The Canterbury Tales

The Canterbury Tales

The Canterbury Tales

The Canterbury Tales

Excerpt

Geoffrey Chaucer was born about the year 1340; the exact date is not known. His father, John, and his grandfather, Robert, had associations with the wine trade and, more tenuously, with the Court. John was Deputy Butler to the King at Southampton in 1348. Geoffrey Chaucer's mother is believed to have been Agnes de Copton, niece of an official at the Mint. They lived in London in the parish of St. Martin's-in-the-Vintry, reasonably well-to-do but in a humbler walk of life than that to be adorned so capably by their brilliant son.

It is thought that Chaucer was sent for his early schooling to St. Paul's Almonry. From there he went on to be a page in the household of the Countess of Ulster, later Duchess of Clarence, wife of Lionel the third son of Edward III. The first mention of Geoffrey Chaucer's existence is in her household accounts for 1357. She had bought him a short cloak, a pair of shoes, and some parti-coloured red and black breeches.

To be page in a family of such eminence was a coveted position. His duties as a page included making beds, carrying candles, and running errands. He would there have acquired the finest education in good manners, a matter of great importance not only in his career as a courtier but also in his career as a poet. No English poet has so mannerly an approach to his reader.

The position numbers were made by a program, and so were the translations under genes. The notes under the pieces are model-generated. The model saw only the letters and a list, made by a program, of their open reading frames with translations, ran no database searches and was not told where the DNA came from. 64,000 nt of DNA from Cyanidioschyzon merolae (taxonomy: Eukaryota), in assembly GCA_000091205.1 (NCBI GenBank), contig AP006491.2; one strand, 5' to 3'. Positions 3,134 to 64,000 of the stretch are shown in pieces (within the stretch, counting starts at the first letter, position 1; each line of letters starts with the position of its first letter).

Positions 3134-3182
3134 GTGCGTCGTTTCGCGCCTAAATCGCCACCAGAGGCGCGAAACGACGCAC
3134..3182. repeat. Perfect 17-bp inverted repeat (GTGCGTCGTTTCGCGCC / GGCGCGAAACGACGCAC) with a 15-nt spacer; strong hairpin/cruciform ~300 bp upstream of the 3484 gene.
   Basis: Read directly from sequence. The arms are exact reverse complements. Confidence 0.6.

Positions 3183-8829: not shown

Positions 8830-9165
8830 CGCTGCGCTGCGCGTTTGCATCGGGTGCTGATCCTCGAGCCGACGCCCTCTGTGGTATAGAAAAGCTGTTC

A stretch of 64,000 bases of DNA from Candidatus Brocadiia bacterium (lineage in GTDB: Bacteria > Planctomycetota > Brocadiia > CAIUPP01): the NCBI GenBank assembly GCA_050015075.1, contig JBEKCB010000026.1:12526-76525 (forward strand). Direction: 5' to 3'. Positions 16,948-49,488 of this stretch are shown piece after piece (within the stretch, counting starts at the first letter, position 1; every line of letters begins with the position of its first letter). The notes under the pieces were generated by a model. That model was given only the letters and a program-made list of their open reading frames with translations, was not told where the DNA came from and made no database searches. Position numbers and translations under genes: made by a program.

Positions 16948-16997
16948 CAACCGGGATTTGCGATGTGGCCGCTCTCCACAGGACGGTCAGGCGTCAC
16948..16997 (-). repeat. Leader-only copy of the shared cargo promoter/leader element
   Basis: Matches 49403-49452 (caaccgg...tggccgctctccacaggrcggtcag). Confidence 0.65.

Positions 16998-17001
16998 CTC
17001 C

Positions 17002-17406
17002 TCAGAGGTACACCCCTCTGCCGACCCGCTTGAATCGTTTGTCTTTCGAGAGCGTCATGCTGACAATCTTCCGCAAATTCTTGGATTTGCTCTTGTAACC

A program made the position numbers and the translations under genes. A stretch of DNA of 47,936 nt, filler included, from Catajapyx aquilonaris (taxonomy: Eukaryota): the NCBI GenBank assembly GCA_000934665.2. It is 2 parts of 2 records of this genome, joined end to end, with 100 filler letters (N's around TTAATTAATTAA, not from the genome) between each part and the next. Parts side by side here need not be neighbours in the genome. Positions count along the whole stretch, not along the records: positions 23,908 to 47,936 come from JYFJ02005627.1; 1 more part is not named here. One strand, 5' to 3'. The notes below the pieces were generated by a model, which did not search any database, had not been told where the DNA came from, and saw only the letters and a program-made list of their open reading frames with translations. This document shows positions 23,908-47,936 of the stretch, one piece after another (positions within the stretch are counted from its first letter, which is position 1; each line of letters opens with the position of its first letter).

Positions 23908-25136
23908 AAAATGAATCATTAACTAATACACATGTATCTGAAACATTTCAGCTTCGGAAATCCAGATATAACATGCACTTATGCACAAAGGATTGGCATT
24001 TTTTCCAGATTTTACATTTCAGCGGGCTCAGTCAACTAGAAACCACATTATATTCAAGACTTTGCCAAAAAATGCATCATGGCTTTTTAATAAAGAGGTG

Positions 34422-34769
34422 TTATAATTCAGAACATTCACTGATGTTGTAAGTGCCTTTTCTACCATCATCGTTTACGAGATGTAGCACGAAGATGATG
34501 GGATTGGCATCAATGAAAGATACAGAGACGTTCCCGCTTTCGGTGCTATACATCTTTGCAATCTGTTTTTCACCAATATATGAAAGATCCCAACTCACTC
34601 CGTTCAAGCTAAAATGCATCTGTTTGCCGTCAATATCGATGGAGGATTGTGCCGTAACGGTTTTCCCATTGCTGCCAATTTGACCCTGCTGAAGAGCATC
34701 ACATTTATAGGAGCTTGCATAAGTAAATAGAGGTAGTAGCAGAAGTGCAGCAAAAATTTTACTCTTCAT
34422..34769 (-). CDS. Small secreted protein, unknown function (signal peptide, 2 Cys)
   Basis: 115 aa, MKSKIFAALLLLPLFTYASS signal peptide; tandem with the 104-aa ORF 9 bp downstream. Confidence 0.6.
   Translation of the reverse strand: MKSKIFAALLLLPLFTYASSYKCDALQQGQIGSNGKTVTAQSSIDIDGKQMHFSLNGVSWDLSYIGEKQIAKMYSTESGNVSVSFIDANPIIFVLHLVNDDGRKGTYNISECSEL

As a page he would wait on the greatest in the land. One of these was the Duke of Lancaster, John of Gaunt; throughout his life he was Chaucer's most faithful patron and protector.

In 1359 Chaucer was sent abroad, a soldier in the egg, on one of those intermittent forays into France that made up so large a part of the Hundred Years' War. He was taken prisoner near Rheims and ransomed in the following year; the King himself contributed towards his ransom. Well-trained and intelligent pages did not grow on every bush.

It is not known for certain when Chaucer began to write poetry, but it is reasonable to believe that it was on his return from France. The elegance of French poetry and its thrilling doctrines . . .

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